Michael Schumacher has acknowledged that his attempt to block former teammate Rubens Barrichello at the Hungarian Grand Prix was too hard and has apologised to the Brazilian driver. The German, driving for the Mercedes GP team, pushed Barrichello's Williams-Toyota towards the pit wall, and then on to the pitlane exit as they fought for 10th place on lap 66 of the race at the Hungaroring.
After the race, Schumacher was adamant that he had driven fairly and had given Barrichello enough room. But after reviewing the incident he said on his website that he has to agree with the stewards that the move was too hard. The seven-time champion says he had no intention of endangering the Williams driver and that he was "sorry" if Barrichello had that feeling. His statement read: "Yesterday, directly after the race, I was still in the heat of the moment, but after seeing the scene against Rubens again I have to say the stewards were right with their assessment: the manoeuvre was too hard.
"Of course, I wanted to make it difficult for him to overtake me. However, I indicated quite clearly that I wouldn't let him pass me from inside, but logically I never meant to endanger him with my manoeuvre. If he has that impression, then sorry, that was not my intention." Schumacher was found guilty by the race stewards of "illegitimately impeding" Barrichello and was punished with a 10-place grid penalty for the next round of the championship, in Belgium on August 29.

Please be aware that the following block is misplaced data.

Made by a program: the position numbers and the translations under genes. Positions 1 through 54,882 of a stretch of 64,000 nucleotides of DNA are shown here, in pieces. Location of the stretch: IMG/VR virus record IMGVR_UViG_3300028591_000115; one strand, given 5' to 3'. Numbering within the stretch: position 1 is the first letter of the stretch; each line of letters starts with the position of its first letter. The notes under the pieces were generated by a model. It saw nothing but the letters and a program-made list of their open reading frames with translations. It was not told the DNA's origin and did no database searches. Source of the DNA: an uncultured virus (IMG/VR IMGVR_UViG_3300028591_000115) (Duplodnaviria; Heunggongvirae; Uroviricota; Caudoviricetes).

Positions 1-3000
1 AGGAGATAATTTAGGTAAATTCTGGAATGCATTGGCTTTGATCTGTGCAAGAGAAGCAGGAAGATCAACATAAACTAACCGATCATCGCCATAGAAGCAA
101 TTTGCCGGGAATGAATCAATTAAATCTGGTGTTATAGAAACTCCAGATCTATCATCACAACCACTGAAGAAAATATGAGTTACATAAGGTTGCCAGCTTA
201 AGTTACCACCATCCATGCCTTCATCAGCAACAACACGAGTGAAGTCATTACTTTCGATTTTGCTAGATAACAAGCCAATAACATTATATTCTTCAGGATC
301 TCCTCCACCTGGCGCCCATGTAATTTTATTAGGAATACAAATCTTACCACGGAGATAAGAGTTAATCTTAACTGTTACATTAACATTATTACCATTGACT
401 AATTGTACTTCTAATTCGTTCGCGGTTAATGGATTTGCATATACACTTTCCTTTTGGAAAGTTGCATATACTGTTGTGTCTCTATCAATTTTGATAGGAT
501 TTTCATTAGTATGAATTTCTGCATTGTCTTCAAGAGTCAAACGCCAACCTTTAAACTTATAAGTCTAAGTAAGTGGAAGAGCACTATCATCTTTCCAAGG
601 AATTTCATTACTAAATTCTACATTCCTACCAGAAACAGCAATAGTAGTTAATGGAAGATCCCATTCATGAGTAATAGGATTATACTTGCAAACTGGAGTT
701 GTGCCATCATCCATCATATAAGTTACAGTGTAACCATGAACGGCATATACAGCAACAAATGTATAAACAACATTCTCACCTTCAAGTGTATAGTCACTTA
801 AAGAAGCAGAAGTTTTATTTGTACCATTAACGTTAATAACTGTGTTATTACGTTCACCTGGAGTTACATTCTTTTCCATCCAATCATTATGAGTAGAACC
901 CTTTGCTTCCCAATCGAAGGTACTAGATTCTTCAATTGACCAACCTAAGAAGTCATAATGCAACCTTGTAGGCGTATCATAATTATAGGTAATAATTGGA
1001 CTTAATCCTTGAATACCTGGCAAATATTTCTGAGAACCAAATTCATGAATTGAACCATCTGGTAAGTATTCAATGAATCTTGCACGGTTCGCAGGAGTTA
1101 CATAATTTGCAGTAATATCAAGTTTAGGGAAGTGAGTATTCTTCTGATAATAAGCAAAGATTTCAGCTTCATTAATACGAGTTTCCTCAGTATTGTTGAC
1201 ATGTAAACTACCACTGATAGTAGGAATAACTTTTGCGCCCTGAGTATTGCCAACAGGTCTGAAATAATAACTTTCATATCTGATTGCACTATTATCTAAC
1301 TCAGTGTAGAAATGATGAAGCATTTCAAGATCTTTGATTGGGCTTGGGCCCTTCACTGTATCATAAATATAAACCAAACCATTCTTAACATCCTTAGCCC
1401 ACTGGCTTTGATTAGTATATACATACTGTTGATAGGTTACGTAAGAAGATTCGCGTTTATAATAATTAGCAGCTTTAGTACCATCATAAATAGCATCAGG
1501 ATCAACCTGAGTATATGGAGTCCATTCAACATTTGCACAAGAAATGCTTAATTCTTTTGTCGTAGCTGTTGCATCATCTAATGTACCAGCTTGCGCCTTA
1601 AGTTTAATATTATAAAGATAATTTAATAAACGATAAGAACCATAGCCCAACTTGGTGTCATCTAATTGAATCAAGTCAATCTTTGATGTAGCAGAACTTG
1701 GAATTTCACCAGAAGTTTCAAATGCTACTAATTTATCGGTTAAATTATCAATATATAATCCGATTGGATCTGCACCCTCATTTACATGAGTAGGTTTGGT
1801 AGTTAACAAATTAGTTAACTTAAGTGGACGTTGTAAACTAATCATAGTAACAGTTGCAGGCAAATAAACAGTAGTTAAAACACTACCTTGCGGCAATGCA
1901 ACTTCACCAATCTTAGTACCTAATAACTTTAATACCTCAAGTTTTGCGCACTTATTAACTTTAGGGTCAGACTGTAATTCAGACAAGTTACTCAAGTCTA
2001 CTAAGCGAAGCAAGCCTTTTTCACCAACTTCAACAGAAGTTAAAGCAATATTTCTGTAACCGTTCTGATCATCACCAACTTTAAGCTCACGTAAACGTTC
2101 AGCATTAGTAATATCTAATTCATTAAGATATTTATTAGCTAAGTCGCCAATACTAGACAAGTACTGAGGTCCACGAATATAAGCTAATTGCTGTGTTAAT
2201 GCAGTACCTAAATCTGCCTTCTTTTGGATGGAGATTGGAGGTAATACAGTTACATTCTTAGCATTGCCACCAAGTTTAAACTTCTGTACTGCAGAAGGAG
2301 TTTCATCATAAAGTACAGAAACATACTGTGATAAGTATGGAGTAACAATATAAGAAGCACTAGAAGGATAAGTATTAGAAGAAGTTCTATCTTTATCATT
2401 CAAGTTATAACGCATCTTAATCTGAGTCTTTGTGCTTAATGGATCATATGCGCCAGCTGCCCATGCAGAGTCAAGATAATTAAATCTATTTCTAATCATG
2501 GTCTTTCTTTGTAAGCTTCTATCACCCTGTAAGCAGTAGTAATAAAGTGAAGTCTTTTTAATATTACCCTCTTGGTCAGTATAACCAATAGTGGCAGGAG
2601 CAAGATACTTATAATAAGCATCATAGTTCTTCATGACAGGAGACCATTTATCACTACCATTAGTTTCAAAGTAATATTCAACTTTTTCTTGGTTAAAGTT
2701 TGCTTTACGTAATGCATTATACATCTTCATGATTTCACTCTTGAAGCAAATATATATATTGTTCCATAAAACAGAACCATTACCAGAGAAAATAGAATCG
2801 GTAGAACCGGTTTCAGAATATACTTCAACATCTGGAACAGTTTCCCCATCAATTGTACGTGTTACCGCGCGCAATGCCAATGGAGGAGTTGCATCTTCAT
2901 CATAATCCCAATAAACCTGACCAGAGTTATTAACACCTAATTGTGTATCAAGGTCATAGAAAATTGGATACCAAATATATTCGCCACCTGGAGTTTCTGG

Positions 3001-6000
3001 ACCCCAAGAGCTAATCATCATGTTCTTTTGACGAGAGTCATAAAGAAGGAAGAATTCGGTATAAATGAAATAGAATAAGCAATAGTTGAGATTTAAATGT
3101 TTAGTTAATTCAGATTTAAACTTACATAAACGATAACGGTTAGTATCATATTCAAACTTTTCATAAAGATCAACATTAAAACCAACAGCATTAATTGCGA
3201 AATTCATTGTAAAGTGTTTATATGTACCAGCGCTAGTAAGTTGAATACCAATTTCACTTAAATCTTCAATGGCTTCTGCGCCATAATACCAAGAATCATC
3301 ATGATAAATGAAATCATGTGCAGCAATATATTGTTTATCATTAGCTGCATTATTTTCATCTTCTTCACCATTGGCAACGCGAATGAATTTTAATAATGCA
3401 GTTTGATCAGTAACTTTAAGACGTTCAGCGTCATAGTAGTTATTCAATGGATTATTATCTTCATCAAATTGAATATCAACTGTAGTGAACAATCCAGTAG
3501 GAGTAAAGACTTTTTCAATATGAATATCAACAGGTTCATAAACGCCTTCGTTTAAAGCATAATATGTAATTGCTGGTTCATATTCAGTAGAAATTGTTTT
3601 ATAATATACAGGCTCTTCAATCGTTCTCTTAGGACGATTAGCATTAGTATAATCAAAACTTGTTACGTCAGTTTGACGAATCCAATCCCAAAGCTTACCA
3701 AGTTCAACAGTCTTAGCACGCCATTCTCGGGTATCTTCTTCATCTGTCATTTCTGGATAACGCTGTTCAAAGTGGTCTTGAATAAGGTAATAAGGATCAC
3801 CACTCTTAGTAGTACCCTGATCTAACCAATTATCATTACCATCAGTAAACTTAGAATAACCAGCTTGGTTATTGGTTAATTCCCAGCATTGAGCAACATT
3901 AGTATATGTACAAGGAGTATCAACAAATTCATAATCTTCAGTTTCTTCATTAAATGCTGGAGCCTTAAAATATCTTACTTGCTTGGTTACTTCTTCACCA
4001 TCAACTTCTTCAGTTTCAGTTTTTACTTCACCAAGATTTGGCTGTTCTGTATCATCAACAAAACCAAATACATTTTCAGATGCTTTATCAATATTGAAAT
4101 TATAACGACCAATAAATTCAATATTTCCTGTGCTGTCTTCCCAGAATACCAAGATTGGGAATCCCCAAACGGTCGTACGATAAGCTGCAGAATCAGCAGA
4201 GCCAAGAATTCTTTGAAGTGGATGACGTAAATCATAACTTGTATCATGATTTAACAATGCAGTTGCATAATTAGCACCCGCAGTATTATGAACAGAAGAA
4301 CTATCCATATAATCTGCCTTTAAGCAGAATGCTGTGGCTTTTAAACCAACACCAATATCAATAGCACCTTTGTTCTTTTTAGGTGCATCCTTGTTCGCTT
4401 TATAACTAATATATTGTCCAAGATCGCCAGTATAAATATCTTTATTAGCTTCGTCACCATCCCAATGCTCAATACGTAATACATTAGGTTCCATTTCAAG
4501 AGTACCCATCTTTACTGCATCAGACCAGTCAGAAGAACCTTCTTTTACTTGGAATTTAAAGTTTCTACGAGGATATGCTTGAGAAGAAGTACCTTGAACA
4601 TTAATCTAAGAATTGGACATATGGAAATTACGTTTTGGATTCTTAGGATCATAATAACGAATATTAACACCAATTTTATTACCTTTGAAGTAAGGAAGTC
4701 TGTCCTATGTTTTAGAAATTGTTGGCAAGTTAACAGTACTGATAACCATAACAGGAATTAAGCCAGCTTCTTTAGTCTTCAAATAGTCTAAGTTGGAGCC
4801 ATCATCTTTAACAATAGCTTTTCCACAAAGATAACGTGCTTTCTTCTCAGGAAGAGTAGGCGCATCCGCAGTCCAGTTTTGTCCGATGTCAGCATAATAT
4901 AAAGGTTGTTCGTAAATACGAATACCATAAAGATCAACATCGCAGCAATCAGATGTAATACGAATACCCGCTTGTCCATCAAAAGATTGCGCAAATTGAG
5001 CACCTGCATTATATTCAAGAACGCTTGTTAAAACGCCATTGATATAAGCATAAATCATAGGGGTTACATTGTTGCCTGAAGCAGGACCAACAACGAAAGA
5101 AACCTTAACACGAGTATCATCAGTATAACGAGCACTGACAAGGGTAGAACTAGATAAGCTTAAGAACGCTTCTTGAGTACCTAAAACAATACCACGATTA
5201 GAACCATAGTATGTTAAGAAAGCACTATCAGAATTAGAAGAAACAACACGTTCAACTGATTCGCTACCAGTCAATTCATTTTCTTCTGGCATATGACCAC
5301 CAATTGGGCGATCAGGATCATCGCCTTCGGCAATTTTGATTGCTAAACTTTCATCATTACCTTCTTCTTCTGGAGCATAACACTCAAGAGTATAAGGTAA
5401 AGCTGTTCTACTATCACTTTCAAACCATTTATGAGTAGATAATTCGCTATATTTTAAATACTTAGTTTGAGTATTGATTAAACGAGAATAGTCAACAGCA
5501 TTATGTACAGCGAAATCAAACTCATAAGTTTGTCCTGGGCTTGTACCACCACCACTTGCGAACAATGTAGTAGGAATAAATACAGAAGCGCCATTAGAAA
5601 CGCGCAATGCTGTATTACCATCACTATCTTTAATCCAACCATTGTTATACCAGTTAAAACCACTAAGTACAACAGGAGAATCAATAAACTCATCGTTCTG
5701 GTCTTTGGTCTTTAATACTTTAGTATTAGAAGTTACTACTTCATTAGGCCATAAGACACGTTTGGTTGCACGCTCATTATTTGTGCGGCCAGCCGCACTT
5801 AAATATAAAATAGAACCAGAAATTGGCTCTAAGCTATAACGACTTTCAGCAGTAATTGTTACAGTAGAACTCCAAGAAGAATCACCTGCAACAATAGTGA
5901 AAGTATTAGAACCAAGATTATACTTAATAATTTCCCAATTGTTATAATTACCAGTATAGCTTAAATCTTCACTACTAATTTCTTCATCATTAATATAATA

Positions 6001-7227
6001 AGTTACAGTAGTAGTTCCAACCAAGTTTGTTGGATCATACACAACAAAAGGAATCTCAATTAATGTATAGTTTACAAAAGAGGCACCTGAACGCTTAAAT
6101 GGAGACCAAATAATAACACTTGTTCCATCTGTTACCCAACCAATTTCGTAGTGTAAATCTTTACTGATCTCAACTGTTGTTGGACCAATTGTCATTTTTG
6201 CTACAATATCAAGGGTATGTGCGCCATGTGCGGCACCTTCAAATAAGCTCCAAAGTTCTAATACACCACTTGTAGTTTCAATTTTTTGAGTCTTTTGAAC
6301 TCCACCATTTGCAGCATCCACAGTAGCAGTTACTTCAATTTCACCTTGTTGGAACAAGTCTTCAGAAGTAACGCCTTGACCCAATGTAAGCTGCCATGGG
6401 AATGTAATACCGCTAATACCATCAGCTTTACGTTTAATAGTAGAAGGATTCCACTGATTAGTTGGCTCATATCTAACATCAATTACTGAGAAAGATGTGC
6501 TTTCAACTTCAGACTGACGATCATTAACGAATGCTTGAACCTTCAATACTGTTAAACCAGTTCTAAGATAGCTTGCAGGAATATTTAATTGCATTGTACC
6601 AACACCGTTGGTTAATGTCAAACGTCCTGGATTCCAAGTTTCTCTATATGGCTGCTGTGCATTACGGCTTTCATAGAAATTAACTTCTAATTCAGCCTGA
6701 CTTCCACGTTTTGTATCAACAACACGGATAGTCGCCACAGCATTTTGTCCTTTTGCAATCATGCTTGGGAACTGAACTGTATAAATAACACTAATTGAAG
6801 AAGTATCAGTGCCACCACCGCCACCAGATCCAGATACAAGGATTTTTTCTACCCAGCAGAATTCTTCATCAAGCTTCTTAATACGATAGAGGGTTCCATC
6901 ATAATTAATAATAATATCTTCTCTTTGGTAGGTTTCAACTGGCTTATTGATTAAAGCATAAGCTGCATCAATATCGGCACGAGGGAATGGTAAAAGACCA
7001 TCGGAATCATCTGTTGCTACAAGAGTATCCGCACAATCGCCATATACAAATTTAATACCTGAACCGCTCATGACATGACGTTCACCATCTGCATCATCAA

Meanwhile, Ross Brawn, the Mercedes GP team boss, defended Schumacher's actions. Brawn said that he was certain that Schumacher moved only to defend his position and did so without any dangerous intent towards his rival. "It may have ended up looking in a dangerous way, but that wasn't the intent I am sure by Michael," he said. "Michael was defending his position, trying to encourage Rubens to go around the outside. I don't think for a moment that he saw Rubens there and thought 'I will squeeze him'.
"But it is a pretty tough business F1 and if you open up every time someone tries to attack you, then you know the drivers in F1 who don't defend." Schumacher has been involved in a number of controversial incidents during his career in Formula One, but Brawn was keen to play down the seriousness of this one. "I don't think for a moment that Michael was trying to put Rubens in the wall, but he was trying to discourage him from coming down the inside because he thought that was where he would be vulnerable," he said.